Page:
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As it Becomes a Standard, Criticism for Common Core Erupts

Posted on August 13, 2013 by Tadween Editors | 0 comments


Image Credit: Roberto G./Flickr

The New York Times calls the adoption of the Common Core State Standards “the most far-reaching experiment in American educational history.” The initiative, which has been implemented in forty-five states, the District of Columbia, and four US territories, promises to be “the first step in providing our young people with a high-quality education” by setting clear standards in mathematics and English language arts.  However, this project carries many of the same promises, ideas, and goals of previous attempts at reform. Is it just another set of standardized tests that schools are being forced to apply to students?

The Common Core State Standards, developed by the National Governors Association (NGA) and the Council of Chief State School Officers (CCSSO), is a state-led effort to set transparent educational standards for grades K-12 in mathematics and English. Edudemic presents a graphic that breaks down the specifics. The goal is to ensure that students are prepared accordingly for their next schooling year, and to be certain that those graduating high school are equipped with the necessary tools for higher education. From the outside, the program looks no different than any other program in its goal to ensure that students are at a certain educational level depending on their grade.

Setting standards in subjects like mathematics and English are necessary in order to ensure that education in the United States is up to par. Standardized testing remains an integral part of the US education system, despite the extensive criticism that testing is a poor way to gauge student performance and intellect, as well as the ability of educators to teach the basics. Using standardized tests as assessment tools does not appear to be succeeding.

With the United States slipping in education rankings, and with the criticism surrounding standardized testing as an inefficient means to measure learning, it looks like now is the time for change. With nearly all states and territories in the United States signing up for Common Core (with the exception of Texas, Nebraska, Hawaii, Minnesota, Virginia, and Puerto Rico), many seem to be turning to the standards initiative as a way forward. How does it differ from past attempts at education reform? Will the Common Core State Standards implement test taking as a means to gauge whether or not set standards are being met?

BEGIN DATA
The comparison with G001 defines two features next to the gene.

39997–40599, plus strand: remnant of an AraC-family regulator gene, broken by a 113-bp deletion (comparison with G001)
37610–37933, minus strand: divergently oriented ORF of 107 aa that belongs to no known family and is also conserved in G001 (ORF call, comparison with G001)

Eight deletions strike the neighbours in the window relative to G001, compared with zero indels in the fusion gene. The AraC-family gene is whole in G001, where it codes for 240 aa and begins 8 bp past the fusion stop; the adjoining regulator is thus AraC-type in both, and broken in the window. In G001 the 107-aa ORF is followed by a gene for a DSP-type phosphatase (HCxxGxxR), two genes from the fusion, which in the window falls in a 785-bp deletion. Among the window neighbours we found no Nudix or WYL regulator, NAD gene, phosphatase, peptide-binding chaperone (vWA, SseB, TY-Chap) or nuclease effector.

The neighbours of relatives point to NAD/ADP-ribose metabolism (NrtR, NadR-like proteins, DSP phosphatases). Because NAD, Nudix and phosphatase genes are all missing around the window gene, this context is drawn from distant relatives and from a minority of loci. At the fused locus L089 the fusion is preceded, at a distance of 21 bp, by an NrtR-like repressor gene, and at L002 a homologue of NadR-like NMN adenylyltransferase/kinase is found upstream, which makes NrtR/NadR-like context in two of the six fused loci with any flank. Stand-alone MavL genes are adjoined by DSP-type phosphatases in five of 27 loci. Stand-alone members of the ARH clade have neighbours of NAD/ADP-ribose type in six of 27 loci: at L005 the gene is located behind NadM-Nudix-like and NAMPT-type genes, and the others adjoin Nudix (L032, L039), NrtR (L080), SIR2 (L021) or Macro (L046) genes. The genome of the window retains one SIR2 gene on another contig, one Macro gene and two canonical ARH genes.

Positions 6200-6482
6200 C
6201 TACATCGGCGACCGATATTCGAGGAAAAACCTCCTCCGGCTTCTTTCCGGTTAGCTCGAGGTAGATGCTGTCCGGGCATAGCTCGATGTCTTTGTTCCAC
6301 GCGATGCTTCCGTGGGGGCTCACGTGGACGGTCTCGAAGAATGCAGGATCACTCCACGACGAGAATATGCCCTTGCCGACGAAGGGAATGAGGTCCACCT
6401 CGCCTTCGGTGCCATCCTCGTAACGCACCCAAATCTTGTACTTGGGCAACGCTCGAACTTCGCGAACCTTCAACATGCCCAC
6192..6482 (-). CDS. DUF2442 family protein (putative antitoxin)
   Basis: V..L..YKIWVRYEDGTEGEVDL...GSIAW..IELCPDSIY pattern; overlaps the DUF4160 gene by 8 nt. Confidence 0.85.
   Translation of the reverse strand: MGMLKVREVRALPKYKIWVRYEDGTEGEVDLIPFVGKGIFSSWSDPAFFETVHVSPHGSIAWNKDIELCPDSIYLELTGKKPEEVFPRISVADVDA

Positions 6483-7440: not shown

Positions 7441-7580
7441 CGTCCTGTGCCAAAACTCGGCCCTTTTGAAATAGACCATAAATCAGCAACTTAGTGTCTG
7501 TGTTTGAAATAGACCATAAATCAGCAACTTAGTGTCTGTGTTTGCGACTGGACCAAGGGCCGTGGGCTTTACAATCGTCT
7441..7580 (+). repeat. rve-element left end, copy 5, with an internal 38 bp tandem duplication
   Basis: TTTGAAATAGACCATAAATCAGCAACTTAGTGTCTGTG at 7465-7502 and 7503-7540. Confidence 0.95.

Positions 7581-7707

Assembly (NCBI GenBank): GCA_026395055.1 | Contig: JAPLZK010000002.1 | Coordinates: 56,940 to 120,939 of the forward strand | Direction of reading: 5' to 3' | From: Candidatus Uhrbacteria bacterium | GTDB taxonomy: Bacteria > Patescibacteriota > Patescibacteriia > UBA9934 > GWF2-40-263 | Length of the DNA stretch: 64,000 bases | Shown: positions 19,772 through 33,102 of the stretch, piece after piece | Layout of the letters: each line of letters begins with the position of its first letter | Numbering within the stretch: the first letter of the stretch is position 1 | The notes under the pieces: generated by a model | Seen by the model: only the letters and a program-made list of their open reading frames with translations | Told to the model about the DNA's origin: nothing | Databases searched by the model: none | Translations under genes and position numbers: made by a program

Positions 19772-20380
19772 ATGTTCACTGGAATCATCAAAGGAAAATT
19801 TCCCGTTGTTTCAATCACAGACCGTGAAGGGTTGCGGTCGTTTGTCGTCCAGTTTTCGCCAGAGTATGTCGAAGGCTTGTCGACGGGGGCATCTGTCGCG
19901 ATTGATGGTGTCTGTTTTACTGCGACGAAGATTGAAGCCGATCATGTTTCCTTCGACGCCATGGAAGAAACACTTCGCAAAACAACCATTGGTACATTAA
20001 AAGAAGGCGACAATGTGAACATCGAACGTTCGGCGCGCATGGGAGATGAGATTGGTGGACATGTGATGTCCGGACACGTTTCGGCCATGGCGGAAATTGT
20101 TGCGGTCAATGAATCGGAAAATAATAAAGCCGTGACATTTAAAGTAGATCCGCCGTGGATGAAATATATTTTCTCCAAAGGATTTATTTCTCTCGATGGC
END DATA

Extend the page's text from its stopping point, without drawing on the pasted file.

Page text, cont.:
Although the details are yet unclear, the states that have adopted the Common Core State Standards are developing an assessment test that will replace pre-existing end-of-the-year state assessments. There are two consortia of states that are developing assessment tests, the Partnership for Assessment of Readiness for College and Career (PARCC) and the Smarter Balanced Assessment Consortium (SBAC). The stated goal is to have these assessment tests ready by the 2014-2015 academic year. 

The implementation of yet another assessment test brings to mind the criticism surrounding President George W. Bush's 2001 No Child Left Behind education reform, which expanded state-mandated standardized testing. FairTest, an organization that works to “end the misuses and flaws of testing practices” in education, claims that both consortia will call for two required exams annually, and both will encourage states to administer exams between two to three times each year. Similar to their predecessors in standardized testing, these new Common Core assessments will remain in multiple-choice format but will mostly be administered by computer.

Another concern regarding Common Core State Standards is that, similar to NCLB, the program will continue to focus mainly on the standards and ignore the needs of individual students. Educator and author Marion Brady writes in the Washington Post:


The word “standards” gets an approving nod from the public (and from most educators) because it means “performance that meets a standard.” However, the word also means “like everybody else,” and standardizing minds is what the Standards try to do. Common Core Standards fans sell the first meaning; the Standards deliver the second meaning. Standardized minds are about as far out of sync with deep-seated American values as it’s possible to get.


Using tests and creating standards to measure the performance of students and educators to determine if they meet pre-destined levels of success is nothing new. It is difficult to fully assess this new system, considering that it is still in its early stages of planning. But it has clearly already sparked a heated debate over whether or not it is a step in the right direction. The effect of this debate, however, may be too little too late, considering that nearly ninety percent of public school in the United States will be implementing these new standards in education. 

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